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Will African states use force in Niger?

General Abdourahmane Tiani

General Abdourahmane Tiani


The clock is ticking down to a deadline for junta leaders in Niger to reinstate the democratically elected president ousted last week in a coup.

A group of West African states known as ECOWAS and led by Nigeria said that it would be willing to intervene – including militarily – if the junta doesn’t reinstate President Mohamed Bazoum, who is now under house arrest. Bazoum was elected in 2021 in the country’s first democratic polls.

But coup leader General Abdourahamane Tchiani has so far dismissed the threat, calling on supporters to be ready to defend their cause.

ECOWAS, meanwhile, has imposed sanctions on Niger, a landlocked country and one of the poorest in the world. And on Thursday, Nigeria – which provides 70% of Niger’s electricity needs – upped the ante by cutting the country’s power supply.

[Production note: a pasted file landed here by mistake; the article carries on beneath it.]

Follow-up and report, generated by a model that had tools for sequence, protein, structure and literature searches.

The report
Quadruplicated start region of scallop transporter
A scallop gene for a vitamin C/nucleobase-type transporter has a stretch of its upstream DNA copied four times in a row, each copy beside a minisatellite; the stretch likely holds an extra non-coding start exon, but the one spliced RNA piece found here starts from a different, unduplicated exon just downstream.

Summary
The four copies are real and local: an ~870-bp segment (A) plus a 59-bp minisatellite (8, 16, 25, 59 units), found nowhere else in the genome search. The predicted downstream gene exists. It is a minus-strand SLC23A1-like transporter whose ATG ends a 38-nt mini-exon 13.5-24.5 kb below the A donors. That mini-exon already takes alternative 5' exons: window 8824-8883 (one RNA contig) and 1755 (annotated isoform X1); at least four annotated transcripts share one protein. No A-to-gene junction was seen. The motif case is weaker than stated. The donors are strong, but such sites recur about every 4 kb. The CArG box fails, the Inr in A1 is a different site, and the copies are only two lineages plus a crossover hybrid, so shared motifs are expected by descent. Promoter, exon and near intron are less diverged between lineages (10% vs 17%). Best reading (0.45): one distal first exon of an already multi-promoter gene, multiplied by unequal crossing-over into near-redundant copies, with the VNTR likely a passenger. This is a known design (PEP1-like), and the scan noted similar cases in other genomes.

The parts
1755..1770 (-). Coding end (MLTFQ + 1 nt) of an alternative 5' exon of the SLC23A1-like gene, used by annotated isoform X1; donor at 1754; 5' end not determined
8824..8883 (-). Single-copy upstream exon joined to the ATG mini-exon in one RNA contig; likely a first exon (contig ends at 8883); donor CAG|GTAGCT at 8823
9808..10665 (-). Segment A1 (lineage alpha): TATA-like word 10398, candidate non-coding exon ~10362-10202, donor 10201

Indeed, Niger is an important geopolitical ally for the West, with France and the US using it as a base from which to launch their counterterror operations in the Sahel region.

However, Mali and Burkina Faso – two other Sahelian states that have experienced coups in recent years and cultivated closer ties with the Kremlin over the West – say that any attack on Niger will be deemed an attack on them all.

As the deadline looms this Sunday, we’re watching to see how far Niger’s neighbors are really willing to go to oust the junta. Intervention of any kind could again bring bloodshed to a region long plagued by violence.


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